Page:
Distiller: Doni Faber
Rating: 3/5 Stars
Cure for: Sadness (maybe)
The How of Happiness: A scientific approach to getting the life you want
by Sonja Lyubomirsky
Dec. 27, 2007
I found this book because it focuses a lot on the concept of the set-point of happiness. 50% of happiness is a genetically-predetermined set point and can't be changed. 10% of happiness is circumstantial, so changing external circumstances isn't the most effective pressure point for change. 40% of happiness is determined by intentional activity. So there is quite a bit of room for hope.
Another thing I really liked about the book is that it tries to personalize your happiness improvement program by finding which activities would fit you best, using the criteria of enjoyment, natural fit, and aligning with values, while avoiding the motivations of guilt and circumstance. The ones that fit best for me were true engagement, savoring life's joys, practicing acts of kindness, and expressing gratitude.
To be honest, my initial reaction to trying to work on these areas was not positive. I tried to really engage at a concert I was attending and ended up not succeeding. So not only was I not really enjoying myself, but I was beating myself up for not being able to be attentive. It's a tricky balancing act between working towards being a happier person, while at the same time being okay with where you're at now. Is that even possible?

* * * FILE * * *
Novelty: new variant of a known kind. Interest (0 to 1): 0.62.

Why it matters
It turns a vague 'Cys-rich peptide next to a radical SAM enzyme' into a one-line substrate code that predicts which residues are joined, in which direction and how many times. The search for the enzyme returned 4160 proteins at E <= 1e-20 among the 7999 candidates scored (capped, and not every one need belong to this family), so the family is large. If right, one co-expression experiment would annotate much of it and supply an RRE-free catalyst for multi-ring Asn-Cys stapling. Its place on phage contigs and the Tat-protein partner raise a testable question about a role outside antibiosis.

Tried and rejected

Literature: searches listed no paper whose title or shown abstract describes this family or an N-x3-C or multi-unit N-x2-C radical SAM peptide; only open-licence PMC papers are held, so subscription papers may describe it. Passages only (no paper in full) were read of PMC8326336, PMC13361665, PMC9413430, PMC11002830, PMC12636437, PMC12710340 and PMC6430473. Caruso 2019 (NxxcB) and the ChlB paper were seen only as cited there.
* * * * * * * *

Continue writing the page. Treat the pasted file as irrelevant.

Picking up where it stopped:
Maybe no self-help books work because we harbor the unrealistic expectation that all we have to do to make them work is to read the book. Sonja pounds in the lesson that it takes effort and commitment to change something as habitual as happiness. This is why I can't fairly judge the impact of a self-help book until quite a bit of time passes. Was I impressed with it now? Yes. Will I remember it in a year? Probably not.